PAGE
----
“In the face of the internet, mobiles and instant messaging you might expect the hobby of amateur radio – or HAM radio as it’s also known – to be on the decline.
But in the last three years, the number of amateur radio licences has risen by over 8,000 – with 80,000 currently issued in the UK.
Using designated frequencies, amateur radio enthusiasts communicate with people over the world. Many prefer the relaxed approach of ‘rag chewing’ or chatting at length with people, who often become friends – while at the opposite end of the spectrum ‘contesters’ compete to make as many contacts as possible in a given period.
The hobby is also a public service, with Raynet (in the UK) stepping in during emergencies when regular communication networks fail. Amateur radio enthusiasts are currently contributing to relief efforts following Typhoon Haiyan in the Philippines.”
I’m not a fan of DAB radio and my bedroom radio aerial has to be positioned just so to get radio 4 FM with cclarity, so I will be disappointed if Longwave eventually gets switched off. That’s not to mention all the people–however many there may be–who don’t have easy ways to get weather info out at sea.”
It has kept sailors safe on the ocean waves for 90 years, becoming just as much a part of national consciousness as cricket, cups of tea and The Archers.
But the days of hearing the Shipping Forecast out on a boat may be numbered thanks to the demise of long wave technology, a veteran announcer has said.
Peter Jefferson, who read the Shipping Forecast to Radio 4 listeners for 40 years, said the “very old” transmitters which worked on long wave could soon be retired.
If that was to happen, he said, anyone more than 12 miles from the coastline would be unable to hear the shipping forecast on long wave, ending a Radio 4 tradition dating back to 1924.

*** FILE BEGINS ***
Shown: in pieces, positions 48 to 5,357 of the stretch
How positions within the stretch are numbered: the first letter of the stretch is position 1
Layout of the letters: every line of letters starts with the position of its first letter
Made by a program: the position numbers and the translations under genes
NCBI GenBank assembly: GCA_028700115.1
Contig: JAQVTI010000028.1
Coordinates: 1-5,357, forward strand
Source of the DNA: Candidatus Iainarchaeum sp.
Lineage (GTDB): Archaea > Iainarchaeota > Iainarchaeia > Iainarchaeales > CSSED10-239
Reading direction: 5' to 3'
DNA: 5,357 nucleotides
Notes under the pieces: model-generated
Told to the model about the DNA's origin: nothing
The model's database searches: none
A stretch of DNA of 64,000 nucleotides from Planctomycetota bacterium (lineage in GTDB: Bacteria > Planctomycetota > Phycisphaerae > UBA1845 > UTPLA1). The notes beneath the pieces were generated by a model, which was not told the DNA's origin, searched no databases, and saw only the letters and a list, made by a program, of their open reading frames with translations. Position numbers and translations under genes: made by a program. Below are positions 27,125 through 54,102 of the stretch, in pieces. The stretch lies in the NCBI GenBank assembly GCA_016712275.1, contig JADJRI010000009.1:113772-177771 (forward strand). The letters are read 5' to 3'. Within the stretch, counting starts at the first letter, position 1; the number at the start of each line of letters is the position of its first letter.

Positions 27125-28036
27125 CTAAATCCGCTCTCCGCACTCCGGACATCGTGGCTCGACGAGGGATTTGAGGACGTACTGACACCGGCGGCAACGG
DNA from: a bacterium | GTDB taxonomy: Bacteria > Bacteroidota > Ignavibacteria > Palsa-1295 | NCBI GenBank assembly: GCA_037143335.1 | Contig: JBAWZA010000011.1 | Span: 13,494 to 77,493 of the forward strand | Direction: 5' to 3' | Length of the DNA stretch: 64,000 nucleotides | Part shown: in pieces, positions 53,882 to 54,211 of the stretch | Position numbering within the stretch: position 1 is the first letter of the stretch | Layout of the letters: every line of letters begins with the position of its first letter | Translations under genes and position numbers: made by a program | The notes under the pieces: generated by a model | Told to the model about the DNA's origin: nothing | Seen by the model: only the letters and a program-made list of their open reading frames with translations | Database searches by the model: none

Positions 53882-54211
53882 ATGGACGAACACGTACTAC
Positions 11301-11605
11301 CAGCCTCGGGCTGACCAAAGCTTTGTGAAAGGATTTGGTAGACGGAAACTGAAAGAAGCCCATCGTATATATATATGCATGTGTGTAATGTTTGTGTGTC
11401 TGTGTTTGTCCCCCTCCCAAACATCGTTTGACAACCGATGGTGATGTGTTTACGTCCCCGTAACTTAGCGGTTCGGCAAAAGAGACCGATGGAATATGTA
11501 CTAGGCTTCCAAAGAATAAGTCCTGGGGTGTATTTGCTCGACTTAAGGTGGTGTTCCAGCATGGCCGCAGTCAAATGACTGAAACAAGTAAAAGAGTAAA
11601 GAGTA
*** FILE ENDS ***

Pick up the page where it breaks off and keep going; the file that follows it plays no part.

Speaking at the Radio Times Festival, in Hampton Court, Mr Jefferson said the soothing tones of the Shipping Forecast would then be left to its many fans who choose to listen to it from their homes in lieu of a “sleeping pill”.
“Long wave reaches much further than FM, it’s as simple as that,” he said.
“So FM would be totally useless for shipping beyond 12 miles from land.
[…]A spokesman for the BBC said they were no firm plans to end long wave broadcasting, and no date set for when the technology could run out.
The service currently reaches as far as south-east Iceland, and is occasionally picked up as far as 3,000 miles away.
Of course, I haven’t heard the Shipping Forecast on longwave since moving back to the States from the UK. Still, I would be very sad to hear the program and the longwave medium fall silent.
I would like to start adding some Shipping Forecast programs on the Shortwave Radio Audio Archive where we also curate select mediumwave and longwave recordings. If you have the means to record episodes on longwave, please consider helping us!
Many thanks to SRAA contributor, Tom Laskowski, who shares the following recording and notes:
A few snippets from my old shortwave tapes that were too short to upload individually. These were made using a GE portable multi band that had poor selectivity, hence the annoying ute during the BBC clip.
Times of individual clips are:
00:00 – 01:59: 1979, July 19 – RCI, frequency announcements in English and french.
01:59 – 09:51: 1979, July 20 – BBC, newscast, bothered by an annoying utility station.